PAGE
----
She was contracted for 12 hours, but found herself working longer because of stock-taking and training sessions.
She now works similar hours at a nearby golf club, which is happy for her to take school books into work to read during quiet spells.
"My results were not what I wanted. They have now gone up from D to A grades," she said.
"I have to buy books for school and buy my clothes. You have to do more hours than you want to because of it.
"The main supermarkets say if you work the hours they want, when you move to university they will find a place in their store near the university you have gone to.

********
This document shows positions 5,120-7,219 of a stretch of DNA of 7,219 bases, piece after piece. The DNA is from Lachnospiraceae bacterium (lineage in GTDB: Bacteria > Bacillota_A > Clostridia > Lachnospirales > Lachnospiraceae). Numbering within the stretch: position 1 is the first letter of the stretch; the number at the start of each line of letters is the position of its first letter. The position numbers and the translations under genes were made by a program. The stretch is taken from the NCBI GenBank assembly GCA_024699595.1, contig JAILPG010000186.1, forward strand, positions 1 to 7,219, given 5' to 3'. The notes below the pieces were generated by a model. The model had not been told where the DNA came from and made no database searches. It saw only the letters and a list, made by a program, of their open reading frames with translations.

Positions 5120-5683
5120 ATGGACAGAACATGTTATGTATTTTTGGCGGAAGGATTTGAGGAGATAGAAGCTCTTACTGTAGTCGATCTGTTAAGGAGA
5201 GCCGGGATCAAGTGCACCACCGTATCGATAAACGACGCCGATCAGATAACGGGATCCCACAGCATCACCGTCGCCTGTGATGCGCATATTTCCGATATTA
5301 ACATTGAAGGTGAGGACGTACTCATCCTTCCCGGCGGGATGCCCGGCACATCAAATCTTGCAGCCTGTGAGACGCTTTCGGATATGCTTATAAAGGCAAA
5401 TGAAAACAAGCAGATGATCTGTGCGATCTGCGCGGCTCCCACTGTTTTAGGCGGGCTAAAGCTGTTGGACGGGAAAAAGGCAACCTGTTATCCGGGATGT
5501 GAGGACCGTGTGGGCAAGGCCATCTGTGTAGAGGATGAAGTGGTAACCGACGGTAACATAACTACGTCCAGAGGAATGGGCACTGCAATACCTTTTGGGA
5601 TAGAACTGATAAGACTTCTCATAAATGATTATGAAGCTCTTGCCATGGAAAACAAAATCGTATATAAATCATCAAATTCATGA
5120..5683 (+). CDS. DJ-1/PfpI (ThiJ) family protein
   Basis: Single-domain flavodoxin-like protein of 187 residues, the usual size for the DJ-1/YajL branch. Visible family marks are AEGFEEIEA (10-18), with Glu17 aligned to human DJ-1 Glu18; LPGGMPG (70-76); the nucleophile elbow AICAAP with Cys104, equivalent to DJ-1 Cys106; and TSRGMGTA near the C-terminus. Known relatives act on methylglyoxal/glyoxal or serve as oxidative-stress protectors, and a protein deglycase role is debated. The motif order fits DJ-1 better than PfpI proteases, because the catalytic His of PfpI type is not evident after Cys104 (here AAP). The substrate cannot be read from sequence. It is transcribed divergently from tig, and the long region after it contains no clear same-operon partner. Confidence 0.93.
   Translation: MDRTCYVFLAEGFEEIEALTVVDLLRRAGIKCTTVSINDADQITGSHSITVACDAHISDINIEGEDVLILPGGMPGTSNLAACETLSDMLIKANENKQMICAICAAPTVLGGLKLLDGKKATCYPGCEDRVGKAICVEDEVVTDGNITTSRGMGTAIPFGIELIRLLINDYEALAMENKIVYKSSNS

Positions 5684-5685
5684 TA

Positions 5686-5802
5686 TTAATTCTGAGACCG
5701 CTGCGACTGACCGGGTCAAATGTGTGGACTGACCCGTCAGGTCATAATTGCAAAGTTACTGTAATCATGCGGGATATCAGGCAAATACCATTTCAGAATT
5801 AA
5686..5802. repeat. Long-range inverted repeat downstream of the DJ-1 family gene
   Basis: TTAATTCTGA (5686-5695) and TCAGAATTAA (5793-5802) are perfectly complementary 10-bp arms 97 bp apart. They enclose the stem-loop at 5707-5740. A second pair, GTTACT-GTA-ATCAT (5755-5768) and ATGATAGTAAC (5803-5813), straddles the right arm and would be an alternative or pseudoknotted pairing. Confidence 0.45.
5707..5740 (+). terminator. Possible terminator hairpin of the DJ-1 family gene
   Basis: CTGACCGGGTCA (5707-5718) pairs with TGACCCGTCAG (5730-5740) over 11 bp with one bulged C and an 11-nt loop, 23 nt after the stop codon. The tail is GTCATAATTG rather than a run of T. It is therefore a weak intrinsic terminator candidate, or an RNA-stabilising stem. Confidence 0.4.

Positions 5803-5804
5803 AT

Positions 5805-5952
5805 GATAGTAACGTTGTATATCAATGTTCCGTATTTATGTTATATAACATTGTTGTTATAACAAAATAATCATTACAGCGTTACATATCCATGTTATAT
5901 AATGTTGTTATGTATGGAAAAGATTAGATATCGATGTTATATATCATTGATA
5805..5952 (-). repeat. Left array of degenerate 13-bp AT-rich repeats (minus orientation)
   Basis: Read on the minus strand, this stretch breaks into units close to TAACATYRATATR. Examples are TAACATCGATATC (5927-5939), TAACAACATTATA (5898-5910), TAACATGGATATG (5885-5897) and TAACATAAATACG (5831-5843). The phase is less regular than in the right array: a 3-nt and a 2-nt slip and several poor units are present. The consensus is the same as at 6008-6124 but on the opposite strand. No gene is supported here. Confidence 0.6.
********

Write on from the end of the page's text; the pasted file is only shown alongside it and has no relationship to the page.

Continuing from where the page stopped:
"I don't think there are enough incentives to stay on at school after 16. You can stay on, run up debts, go to university and pay tuition fees - or go straight into a job and progress that way. There is no way I wouldn't go to school and university, but there are some people who have left at 16 and are in managerial positions."
James Baker gave up his commission-based double-glazing job because of parental and school pressure. The 18-year-old, studying four A-levels at Wilson's School, Wallington, was earning Pounds 15 an hour and using a mobile phone in school breaks to arrange customer appointments. He was working all weekend and some weekdays. His grades have improved significantly since he gave up the job.
"The money was good but I gave it up because of pressure from my parents and the school," he said.
"But when I went for university interviews, they said they were impressed with my work experience."